Inscriptions in red ink on the reverse of some of the plaques reveal a common practice of indicating for which piece of furniture they are intended. One of the medallions on the desk is marked with the simple word “bureau,” while the central medallion of the pier table bears a more complicated inscription that indicates both its subject and its exact placement:

un amour

ronde de la petite

console a colonnes

milieu (figs. 13, 14).[14]

To students of interior decoration, the Louis XVI-inspired furniture of Louis-François Bellangé, made at a time when gothic revival or late Percier and Fontaine style were in fashion, may appear as an anomaly. Bellangé’s furniture falls into a category that we may refer to as goût de curiosité (taste for the curiosity), relying on a term the Bellangé family and its contemporaries used to qualify this production.[15] The term corresponded to the taste of the amateur for pieces of furniture that were valued for their aesthetic qualities rather than their utility. Furniture in the goût de curiosité was purchased not out of need, but because the quality of its decor made it collectable and its ownership would be a mark of exceptional taste. The "curious" appears then as the opposite not only of the useful, but also of the banal, the average or, even, the generally fashionable. "Curiosity" goes beyond fashion. The "curious" object is one that, surrounded by trendy objects in an interior, attracts one’s guests’ eyes and generates discussion and, hopefully, admiration. Moreover, the "curious" object is one in which the material that makes up its decoration (such as porcelain plaques, for example), more than its shape or style, is the main purpose of its production and sale.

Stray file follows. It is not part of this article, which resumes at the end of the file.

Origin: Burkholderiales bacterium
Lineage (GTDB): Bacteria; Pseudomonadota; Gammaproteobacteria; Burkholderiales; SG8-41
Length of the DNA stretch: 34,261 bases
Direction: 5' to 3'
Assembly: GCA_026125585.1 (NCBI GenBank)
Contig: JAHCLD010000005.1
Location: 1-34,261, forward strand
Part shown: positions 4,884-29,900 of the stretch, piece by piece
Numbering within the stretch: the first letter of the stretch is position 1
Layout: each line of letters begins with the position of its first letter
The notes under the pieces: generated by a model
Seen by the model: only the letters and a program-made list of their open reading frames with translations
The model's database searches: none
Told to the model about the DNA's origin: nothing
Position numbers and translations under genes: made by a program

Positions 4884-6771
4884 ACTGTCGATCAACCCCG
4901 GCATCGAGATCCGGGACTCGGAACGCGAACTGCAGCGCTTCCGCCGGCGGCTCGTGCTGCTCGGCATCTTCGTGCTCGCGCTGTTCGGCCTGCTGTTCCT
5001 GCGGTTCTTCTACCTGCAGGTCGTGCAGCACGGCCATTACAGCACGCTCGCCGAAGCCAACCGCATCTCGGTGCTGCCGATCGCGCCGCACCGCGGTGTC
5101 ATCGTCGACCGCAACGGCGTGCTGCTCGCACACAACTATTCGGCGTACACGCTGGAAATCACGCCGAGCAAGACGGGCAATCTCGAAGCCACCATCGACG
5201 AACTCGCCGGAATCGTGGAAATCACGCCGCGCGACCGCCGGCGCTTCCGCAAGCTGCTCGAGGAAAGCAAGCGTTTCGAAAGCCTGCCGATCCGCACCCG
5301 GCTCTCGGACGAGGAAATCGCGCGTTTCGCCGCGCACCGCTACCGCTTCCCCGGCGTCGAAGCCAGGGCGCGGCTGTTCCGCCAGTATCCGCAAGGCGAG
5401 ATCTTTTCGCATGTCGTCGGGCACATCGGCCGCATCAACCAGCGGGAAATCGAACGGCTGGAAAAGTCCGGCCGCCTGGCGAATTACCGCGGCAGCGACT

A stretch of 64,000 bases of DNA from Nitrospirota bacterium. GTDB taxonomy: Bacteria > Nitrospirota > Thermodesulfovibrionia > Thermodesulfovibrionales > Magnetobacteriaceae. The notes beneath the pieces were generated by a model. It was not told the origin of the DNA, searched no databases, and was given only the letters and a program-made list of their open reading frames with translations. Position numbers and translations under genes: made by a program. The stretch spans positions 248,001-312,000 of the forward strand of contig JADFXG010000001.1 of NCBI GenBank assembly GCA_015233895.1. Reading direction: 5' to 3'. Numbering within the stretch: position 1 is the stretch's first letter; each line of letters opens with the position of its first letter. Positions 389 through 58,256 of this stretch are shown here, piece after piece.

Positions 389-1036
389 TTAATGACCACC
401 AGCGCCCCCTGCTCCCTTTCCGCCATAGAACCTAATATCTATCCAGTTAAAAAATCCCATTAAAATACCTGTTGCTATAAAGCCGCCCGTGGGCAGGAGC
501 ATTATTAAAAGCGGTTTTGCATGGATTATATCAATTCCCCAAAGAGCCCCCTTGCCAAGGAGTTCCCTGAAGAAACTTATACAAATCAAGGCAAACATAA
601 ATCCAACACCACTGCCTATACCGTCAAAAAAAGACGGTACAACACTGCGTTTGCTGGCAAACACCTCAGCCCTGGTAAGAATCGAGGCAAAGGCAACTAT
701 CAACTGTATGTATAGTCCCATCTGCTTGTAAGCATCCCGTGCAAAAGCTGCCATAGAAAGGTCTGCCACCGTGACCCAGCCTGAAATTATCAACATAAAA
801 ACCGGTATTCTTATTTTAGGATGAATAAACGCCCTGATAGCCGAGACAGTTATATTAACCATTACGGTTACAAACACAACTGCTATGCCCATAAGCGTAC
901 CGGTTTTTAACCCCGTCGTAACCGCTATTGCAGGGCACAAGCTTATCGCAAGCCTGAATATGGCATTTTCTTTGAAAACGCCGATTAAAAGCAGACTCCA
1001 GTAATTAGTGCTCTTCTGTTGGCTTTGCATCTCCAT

The production of objects in the goût de curiosité became Louis-François Bellangé’s specialty from 1815 onward, but this approach to furniture was not a new phenomenon in early nineteenth-century France. It was, in fact, related to a rather old tradition of luxury decorative arts. In France, the use of precious material in the manufacture of furniture originated in the seventeenth century with the use of exotic valuable veneers and, a little later, pietre dure panels first imported from Italy then directly produced for the French court by the Gobelins workshop. The tradition continued in the eighteenth century and set the fashion for imported Asian lacquer panels. In the 1760s, with the cabinetmaker Martin Carlin, the first instances of porcelain-mounted furniture appeared. Such pieces, in the eighteenth century, were decorated almost exclusively with Sèvres plaques.[16]